Varicella Vaccine, Cost-Effectiveness Analyses and Vaccination Policy

Armen Hareyan's picture

Childhood and Adolescent Vaccines

In an accompanying editorial, Matthew M. Davis, M.D., M.A.P.P., of the University of Michigan, Ann Arbor, comments on the study by Zhou et al.


"...these findings do not conclusively confirm that childhood varicella vaccination is as cost-effective as originally anticipated, for several reasons. First, the cost of the vaccine has increased more than $10 per dose in inflation-adjusted terms since 1995 (the current public sector price per dose is $52.25), although an increase of this magnitude was not anticipated to change the cost-effectiveness dramatically. Second, the national varicella vaccine recommendation prompted states to measure and react to varicella as a reportable vaccine-preventable illness. The costs of such monitoring and of responding to outbreaks of varicella (e.g., in day care or school settings) may be substantial and were not included in the original analysis [in another study]."

"Third, and perhaps most important, there is great uncertainty about the extent to which parents and other adults experienced reductions in lost work time attributable to varicella. As with other childhood and adolescent vaccines that have recently been recommended (e.g., pneumococcal and meningococcal conjugate vaccines), indirect cost savings with varicella vaccine were expected to be larger than savings in direct medical costs."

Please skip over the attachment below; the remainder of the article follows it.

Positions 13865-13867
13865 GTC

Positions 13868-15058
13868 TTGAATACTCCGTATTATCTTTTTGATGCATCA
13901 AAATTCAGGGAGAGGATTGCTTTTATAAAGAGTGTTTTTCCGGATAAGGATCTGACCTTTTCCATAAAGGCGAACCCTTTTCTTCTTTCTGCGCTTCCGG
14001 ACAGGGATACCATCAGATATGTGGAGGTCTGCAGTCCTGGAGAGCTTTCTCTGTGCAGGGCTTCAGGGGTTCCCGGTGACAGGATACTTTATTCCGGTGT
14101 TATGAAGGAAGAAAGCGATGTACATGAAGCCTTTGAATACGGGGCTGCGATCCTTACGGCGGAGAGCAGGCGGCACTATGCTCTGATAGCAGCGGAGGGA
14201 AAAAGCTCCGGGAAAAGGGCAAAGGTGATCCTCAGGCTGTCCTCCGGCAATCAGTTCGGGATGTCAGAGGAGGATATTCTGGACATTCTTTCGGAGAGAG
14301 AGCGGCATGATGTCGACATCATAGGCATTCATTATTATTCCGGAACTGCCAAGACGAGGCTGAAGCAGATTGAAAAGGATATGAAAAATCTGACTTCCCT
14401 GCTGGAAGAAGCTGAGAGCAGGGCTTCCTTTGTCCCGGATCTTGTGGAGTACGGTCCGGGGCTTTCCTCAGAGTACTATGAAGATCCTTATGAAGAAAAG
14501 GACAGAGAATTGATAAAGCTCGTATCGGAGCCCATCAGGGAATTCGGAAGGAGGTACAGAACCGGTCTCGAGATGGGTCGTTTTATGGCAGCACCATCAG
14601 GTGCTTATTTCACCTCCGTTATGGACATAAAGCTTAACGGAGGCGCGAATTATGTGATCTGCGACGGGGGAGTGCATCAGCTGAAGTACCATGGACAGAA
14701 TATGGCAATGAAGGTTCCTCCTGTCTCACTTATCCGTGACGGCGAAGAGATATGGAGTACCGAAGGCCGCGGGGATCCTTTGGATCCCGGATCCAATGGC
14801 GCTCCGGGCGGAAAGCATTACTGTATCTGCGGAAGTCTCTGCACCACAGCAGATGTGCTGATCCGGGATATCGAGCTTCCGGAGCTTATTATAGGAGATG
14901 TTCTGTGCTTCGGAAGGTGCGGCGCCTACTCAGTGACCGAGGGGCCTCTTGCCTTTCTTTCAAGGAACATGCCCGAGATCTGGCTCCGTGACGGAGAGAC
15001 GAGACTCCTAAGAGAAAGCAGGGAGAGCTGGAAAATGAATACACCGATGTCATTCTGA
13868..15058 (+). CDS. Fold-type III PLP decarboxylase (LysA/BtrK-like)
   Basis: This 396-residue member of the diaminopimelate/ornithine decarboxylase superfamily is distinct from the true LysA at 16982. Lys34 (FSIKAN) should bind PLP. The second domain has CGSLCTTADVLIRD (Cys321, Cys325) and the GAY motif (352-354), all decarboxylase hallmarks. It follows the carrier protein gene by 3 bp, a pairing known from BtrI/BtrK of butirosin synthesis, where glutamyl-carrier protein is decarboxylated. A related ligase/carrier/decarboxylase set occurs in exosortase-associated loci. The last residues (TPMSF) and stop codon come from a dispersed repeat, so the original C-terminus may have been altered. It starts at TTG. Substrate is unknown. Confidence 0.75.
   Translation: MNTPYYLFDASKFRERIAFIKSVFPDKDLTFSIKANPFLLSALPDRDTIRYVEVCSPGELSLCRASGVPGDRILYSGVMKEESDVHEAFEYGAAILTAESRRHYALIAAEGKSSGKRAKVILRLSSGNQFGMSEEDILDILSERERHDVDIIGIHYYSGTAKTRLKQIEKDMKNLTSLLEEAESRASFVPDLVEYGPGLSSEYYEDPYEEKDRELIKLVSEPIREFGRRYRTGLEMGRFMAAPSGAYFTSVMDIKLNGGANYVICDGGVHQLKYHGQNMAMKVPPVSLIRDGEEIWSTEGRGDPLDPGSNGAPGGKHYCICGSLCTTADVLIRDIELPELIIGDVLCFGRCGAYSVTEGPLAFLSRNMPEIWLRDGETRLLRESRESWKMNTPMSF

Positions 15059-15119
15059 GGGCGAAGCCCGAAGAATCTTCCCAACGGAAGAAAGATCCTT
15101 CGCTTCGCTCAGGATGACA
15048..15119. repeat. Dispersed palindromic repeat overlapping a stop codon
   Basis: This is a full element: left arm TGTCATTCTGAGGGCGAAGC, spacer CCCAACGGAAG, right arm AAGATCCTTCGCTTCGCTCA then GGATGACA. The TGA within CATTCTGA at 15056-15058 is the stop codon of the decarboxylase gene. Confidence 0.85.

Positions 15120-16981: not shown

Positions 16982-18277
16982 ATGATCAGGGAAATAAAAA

"To maximize the benefits of vaccines for children and adults in the future, it is imperative to formally and openly consider how best to incorporate cost-effectiveness considerations into deliberations about vaccine recommendations, thereby acknowledging that health and economics cannot be teased apart. From the perspectives of patients, payers, clinicians, and public health officials, costs are just as much a part of vaccines as their benefits," Dr. Davis concludes.